Syria is under attack with US President Barack Obama, in the wake of the Paris attack, maintaining that he would fight Daesh but also ensure that the Syrian regime is changed. Washington’s preoccupation with removing Syrian president Bashar al Assad has thus been again underlined by the President himself. A series of reports and informed articles in the public domain, including a detailed analysis carried more recently by Counterpunch, make it clear that that the US with its allies was supporting an al Qaeda affiliate al Nusra, and Daesh in its nascent form, because of its one-goal mission to remove Assad. The rebels that first consisted of local drug mafia, and smugglers, were reinforced by the “Free Syrian Army’ that were then joined by the Salafists, al Nusra, that then converged into the Islamic State—to put it simplistically. The bombing by the western powers on Syrian targets first to remove Assad, and more recently to oust Daesh, analysts claim is intended to remove the current regime in Syria and ensure the continued and further fragmentation of Iraq. In the process the two countries, seen as resistance by Israel and oil rich by the others, are being destroyed with museums, bridges, roads all being targeted in the so called war against terror.
Syrians had told this writer that the reason they were supporting Assad was to prevent the country from “becoming another Libya” but despite the unity, the war has been long and taken a big toll now. President Obama has announced a ‘boots on the ground’ policy for Syria, as had Bush in Iraq, making it clear to the West Asian countries that the US is preparing for the last push to get rid of the Assad government and control the territory. As a cynical journalist covering the region said, “then we might find that Baghdadi is dead, and the Islamic State might just disappear to be replaced by something else.”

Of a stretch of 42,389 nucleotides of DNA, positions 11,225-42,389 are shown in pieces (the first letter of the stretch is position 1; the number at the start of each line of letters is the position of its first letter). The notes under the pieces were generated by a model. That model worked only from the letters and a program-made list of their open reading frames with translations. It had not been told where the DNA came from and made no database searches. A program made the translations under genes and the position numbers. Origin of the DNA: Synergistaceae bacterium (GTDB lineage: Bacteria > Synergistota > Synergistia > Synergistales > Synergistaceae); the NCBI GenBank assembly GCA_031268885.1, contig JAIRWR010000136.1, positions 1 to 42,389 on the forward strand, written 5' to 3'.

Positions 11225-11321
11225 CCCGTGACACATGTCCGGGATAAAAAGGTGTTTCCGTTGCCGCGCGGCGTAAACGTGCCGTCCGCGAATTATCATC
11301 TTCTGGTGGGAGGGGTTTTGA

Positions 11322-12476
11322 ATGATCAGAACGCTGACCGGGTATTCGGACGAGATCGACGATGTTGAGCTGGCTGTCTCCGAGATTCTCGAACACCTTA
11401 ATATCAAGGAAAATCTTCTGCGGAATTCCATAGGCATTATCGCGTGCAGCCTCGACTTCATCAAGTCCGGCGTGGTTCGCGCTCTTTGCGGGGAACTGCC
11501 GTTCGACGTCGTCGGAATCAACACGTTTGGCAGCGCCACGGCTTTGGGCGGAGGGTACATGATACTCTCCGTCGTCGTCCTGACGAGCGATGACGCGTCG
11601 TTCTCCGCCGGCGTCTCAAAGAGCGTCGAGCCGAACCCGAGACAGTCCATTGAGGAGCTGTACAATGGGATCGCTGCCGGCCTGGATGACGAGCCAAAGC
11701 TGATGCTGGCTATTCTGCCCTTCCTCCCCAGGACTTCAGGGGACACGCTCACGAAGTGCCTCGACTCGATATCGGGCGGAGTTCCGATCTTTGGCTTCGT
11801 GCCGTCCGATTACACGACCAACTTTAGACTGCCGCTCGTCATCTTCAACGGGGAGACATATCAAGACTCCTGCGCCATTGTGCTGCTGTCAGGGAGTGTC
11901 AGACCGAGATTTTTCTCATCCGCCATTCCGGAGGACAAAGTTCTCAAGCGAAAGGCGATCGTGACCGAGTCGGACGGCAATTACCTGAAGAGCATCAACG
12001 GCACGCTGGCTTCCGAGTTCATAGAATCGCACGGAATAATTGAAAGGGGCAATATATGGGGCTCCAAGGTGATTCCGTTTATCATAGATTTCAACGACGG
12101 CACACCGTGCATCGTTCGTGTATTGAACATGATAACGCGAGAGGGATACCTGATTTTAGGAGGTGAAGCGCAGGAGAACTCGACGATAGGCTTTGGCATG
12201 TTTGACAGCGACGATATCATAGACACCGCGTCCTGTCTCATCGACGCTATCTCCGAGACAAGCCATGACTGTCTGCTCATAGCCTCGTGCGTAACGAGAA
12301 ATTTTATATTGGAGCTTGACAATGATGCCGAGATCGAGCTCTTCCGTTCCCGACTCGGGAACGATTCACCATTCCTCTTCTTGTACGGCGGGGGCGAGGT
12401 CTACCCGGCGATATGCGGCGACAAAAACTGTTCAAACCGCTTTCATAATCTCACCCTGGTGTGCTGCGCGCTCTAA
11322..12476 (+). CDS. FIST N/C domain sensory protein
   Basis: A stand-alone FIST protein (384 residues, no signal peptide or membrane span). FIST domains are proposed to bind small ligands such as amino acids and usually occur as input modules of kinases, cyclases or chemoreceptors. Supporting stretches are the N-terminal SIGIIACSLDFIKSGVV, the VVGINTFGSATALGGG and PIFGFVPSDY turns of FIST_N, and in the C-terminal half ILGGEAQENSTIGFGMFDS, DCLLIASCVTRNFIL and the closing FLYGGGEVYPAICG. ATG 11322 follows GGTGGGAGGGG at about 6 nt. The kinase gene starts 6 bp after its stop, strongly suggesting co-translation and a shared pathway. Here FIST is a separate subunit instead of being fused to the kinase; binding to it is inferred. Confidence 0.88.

The Islamic State, according to accounts, was born in 2006 with the violence in Iraq as then a virtually independent offshoot of the al Qaeda in the besieged country. The Nusra Front came into existence in 2012 in the US led war against Assad in Syria that then became the present day Daesh. The US and Nato Allies brought in the Gulf countries including Saudi Arabia, Qatar, Kuwait and the United Arab Emirates into the ‘war against terror’ that has been directed against Syria now for four plus years. Joining the conglomeration was Turkey and Jordan. And reports appearing even in the mainstream papers from time to time suggested a close relationship between these countries in the financing and army of the forces unleashed against Syria.
Syria followed the removal of President Muammar Gaddafi from Libya, in an operation that the second narrative through media reports from time to time suggests was achieved by the US and its allies with help from al Qaeda operatives. The new Libyan regime—the country is still in chaos—however, is reported to have helped the US and its allies in moving weapons for the Salafists and Daesh fighting the government of Syria. Informed reports feed into the second narrative suggesting large scale funding and arming of these groups by the US led alliance, with Turkey and Jordan providing training grounds for the Free Syrian Army, and all the other allies helping transfer the funds and the weapons to realise the US-Israel obsessive goal of removing President Assad from Syria.